Some of the most familiar galls in eastern North America are the spherical ones on goldenrod, which are caused by a fruit fly, Eurosta solidaginis (Tephritidae). (Tephritid fruit flies have nothing to do with the tiny “fruit flies” common in kitchens, which are in the family Drosophilidae.)
Each gall contains a single plump, juicy larva, which overwinters inside the gall. Downy woodpeckers and chickadees often peck holes in these galls in the winter to go after this tasty morsel. I collected five goldenrod ball galls on March 20, and on April 25 flies emerged from two of them–one male and one female.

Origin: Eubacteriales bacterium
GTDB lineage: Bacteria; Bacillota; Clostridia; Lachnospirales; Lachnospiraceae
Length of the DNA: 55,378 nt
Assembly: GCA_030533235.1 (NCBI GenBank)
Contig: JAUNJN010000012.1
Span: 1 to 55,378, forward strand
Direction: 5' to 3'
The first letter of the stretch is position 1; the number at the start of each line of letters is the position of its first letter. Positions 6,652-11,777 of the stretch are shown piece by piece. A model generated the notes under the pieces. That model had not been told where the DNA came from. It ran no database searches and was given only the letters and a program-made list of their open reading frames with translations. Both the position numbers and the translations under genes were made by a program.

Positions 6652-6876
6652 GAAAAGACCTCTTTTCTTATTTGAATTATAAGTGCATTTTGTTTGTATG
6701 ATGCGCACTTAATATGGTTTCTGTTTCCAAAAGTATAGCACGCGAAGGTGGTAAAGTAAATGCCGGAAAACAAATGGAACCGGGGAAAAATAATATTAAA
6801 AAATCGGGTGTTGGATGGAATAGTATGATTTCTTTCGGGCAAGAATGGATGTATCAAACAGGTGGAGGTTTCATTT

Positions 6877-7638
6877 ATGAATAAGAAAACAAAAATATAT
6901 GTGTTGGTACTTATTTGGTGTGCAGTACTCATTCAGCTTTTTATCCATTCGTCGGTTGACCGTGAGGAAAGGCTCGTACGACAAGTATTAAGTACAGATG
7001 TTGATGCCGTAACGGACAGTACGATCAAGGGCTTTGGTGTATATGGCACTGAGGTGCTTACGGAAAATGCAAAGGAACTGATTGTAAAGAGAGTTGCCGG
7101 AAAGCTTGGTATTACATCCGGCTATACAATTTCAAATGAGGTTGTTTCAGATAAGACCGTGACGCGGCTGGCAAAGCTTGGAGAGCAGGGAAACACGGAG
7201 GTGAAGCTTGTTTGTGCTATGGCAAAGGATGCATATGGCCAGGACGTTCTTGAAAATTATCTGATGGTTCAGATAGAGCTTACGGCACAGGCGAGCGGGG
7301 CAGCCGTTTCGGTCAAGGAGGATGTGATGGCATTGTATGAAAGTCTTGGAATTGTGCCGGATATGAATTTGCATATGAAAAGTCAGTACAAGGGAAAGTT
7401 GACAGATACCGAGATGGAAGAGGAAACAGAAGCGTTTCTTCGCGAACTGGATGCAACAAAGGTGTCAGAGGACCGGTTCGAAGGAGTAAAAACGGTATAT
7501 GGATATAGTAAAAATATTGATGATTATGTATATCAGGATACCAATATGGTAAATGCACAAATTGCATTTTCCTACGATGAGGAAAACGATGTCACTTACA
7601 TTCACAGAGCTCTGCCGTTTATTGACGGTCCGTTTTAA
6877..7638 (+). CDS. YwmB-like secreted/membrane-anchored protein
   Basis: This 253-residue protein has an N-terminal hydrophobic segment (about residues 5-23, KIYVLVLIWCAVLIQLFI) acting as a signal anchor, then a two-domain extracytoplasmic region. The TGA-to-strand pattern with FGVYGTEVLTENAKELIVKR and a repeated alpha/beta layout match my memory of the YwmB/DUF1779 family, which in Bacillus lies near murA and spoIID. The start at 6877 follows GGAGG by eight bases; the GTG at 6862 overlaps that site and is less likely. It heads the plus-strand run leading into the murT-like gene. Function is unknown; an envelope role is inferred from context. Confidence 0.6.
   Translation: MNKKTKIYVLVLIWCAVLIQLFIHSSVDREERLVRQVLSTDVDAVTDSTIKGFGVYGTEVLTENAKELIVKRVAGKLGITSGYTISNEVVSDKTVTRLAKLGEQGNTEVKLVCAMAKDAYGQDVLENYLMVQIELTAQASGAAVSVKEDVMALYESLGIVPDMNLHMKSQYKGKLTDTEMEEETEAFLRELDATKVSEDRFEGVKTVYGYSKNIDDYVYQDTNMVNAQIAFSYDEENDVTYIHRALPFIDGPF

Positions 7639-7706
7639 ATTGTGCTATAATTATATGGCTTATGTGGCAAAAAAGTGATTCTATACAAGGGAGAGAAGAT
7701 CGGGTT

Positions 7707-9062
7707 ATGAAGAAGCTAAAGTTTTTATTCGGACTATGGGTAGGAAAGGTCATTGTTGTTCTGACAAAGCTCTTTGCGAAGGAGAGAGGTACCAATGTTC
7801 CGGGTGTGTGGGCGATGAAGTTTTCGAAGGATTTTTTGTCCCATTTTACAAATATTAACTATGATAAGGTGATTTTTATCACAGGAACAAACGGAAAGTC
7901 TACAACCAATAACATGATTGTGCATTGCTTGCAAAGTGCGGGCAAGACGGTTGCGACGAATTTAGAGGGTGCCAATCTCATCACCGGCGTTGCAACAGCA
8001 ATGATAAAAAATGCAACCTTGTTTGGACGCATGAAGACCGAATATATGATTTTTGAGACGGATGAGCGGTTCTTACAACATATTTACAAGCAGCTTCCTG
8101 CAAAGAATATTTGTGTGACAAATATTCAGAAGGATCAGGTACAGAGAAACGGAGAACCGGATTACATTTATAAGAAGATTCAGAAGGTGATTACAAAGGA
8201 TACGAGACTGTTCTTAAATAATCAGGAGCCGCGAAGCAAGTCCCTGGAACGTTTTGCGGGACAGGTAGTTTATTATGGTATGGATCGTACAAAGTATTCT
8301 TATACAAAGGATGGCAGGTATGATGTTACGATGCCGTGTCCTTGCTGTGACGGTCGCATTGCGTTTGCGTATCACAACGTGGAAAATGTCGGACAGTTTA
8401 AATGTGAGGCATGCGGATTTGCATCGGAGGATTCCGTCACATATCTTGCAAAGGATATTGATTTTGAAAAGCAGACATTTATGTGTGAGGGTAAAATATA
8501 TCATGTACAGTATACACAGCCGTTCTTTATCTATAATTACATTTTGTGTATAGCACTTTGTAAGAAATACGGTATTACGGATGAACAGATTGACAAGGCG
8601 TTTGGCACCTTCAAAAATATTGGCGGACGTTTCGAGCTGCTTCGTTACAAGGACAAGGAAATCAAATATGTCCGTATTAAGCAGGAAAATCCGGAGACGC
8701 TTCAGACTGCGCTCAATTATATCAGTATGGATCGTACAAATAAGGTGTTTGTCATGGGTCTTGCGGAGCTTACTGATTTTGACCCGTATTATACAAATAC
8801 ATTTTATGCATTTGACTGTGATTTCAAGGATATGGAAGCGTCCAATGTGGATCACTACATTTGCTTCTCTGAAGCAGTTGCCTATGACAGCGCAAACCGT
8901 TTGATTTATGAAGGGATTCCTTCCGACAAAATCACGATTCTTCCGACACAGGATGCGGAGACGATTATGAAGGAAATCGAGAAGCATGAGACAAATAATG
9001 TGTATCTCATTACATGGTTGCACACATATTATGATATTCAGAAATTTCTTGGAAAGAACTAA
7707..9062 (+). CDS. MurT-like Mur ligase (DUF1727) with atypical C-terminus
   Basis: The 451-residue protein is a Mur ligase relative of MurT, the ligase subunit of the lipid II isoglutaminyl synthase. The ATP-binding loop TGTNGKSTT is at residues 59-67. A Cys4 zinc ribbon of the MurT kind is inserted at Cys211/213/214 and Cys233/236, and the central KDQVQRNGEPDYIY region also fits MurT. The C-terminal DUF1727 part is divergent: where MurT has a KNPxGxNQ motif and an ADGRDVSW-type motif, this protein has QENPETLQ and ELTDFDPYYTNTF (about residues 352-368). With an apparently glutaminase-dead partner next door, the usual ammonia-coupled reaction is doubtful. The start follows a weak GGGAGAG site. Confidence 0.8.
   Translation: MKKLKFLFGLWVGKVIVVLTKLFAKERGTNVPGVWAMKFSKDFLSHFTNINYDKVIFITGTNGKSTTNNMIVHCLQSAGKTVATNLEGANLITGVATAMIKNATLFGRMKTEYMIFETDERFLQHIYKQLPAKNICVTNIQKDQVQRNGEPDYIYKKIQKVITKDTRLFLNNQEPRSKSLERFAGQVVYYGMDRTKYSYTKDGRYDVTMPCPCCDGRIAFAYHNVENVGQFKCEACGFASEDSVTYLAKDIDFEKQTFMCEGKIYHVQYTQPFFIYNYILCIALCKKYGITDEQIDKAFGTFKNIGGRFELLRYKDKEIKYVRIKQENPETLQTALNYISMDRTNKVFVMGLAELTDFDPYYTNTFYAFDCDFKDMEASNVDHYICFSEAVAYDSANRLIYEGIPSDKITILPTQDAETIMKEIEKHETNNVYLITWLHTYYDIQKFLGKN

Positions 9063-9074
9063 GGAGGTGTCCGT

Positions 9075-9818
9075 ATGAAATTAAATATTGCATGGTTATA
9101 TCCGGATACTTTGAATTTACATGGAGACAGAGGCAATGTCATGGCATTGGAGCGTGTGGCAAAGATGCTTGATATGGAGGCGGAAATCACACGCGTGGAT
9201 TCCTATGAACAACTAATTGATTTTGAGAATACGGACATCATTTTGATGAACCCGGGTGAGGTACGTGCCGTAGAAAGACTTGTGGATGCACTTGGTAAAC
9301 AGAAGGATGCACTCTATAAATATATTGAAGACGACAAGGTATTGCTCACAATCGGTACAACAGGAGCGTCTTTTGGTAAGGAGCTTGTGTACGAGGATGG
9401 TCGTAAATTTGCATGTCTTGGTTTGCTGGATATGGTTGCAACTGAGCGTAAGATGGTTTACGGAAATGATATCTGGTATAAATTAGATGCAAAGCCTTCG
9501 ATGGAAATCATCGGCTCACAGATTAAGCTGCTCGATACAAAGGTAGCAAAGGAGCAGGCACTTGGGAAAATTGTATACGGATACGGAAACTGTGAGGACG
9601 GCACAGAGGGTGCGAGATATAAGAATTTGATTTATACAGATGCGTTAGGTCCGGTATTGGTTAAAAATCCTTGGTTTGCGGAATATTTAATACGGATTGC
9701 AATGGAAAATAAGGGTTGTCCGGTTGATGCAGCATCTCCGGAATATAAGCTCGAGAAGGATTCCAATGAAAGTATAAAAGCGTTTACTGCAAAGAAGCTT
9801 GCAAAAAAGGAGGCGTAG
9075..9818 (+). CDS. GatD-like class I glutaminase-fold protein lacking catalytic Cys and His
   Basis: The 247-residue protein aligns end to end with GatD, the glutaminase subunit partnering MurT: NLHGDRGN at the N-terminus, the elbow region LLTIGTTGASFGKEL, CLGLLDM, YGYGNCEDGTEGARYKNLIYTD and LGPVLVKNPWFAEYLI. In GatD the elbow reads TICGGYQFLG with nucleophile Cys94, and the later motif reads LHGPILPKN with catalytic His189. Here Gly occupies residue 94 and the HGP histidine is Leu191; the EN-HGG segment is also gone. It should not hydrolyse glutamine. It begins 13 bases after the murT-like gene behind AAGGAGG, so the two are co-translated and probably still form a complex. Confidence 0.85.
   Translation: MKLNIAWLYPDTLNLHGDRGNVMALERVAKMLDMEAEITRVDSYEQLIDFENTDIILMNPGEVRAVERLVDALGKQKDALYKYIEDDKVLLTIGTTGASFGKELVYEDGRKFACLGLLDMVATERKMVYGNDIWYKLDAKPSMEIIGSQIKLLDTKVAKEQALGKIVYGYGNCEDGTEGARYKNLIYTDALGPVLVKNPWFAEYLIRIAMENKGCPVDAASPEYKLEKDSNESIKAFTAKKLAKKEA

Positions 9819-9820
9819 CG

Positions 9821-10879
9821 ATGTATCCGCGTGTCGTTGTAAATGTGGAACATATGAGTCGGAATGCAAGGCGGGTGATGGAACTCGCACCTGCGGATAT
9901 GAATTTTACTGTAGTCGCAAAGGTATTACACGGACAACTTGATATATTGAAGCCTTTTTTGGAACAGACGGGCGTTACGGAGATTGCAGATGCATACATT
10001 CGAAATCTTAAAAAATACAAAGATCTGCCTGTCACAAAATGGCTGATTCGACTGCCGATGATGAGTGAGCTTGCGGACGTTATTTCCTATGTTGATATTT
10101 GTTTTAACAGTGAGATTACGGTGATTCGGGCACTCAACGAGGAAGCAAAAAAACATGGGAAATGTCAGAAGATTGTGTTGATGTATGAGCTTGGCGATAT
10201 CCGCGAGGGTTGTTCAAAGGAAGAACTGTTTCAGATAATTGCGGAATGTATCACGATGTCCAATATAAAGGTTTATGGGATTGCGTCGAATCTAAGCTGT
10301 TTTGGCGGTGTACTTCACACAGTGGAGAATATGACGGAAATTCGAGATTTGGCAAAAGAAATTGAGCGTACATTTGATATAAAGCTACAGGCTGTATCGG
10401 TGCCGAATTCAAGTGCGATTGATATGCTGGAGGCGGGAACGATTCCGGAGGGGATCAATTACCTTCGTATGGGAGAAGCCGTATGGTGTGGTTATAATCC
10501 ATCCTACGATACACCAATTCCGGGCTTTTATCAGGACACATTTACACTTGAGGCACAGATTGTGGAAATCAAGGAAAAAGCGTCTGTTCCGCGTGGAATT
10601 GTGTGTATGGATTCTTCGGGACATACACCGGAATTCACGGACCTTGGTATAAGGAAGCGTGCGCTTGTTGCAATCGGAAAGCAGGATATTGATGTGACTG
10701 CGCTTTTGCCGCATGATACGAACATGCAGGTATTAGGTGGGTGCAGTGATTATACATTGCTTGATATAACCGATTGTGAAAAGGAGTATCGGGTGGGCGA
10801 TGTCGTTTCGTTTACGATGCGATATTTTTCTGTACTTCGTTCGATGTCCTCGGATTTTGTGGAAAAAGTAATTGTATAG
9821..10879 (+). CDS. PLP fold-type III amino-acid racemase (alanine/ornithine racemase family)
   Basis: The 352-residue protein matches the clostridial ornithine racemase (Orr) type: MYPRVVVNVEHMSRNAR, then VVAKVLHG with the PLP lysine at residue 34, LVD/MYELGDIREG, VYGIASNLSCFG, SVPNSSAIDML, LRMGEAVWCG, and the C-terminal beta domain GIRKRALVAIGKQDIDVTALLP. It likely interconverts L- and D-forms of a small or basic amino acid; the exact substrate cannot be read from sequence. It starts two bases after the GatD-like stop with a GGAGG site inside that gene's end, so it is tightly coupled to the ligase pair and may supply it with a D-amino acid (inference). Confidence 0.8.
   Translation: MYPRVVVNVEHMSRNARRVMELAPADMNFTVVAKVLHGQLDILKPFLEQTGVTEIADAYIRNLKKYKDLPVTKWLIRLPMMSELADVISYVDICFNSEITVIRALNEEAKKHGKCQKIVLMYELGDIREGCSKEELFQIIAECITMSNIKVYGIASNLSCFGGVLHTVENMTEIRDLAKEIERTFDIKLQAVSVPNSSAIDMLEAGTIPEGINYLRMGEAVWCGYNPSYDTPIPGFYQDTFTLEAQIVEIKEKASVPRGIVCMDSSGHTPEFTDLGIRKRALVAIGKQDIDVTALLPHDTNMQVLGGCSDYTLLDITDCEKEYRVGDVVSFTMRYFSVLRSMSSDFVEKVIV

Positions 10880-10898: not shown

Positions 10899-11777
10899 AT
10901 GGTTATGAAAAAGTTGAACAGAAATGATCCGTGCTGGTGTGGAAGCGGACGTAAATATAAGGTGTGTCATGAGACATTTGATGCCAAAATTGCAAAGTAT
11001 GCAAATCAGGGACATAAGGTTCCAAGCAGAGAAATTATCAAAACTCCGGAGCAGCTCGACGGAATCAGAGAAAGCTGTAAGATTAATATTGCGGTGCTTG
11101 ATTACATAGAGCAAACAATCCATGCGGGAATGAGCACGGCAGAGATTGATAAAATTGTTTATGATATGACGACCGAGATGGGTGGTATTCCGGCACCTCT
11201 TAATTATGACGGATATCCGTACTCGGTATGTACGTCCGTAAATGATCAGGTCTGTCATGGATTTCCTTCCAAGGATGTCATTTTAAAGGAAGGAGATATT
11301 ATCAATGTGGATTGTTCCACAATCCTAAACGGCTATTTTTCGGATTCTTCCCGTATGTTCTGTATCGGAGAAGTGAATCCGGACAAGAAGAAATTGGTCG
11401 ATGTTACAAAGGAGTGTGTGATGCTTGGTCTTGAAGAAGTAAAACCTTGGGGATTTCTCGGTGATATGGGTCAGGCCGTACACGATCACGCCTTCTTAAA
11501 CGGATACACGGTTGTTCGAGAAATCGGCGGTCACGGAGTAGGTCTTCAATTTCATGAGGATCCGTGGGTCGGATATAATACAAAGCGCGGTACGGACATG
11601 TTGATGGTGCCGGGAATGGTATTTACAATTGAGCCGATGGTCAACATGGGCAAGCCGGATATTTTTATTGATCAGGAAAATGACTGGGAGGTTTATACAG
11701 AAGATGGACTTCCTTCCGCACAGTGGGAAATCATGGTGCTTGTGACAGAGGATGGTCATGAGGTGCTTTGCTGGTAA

When I had reasonable indoor shots of the flies, I took them outside for some more natural-looking shots:
There is a whole website devoted to these galls and their ecology here, and this page on BugGuide.Net summarizes the gall makers, parasitoids, and other insect associates of these and other goldenrod galls.
(Added May 3) Here is a third fly, with partially deflated ptilinum, which didn’t make it all the way out of its gall: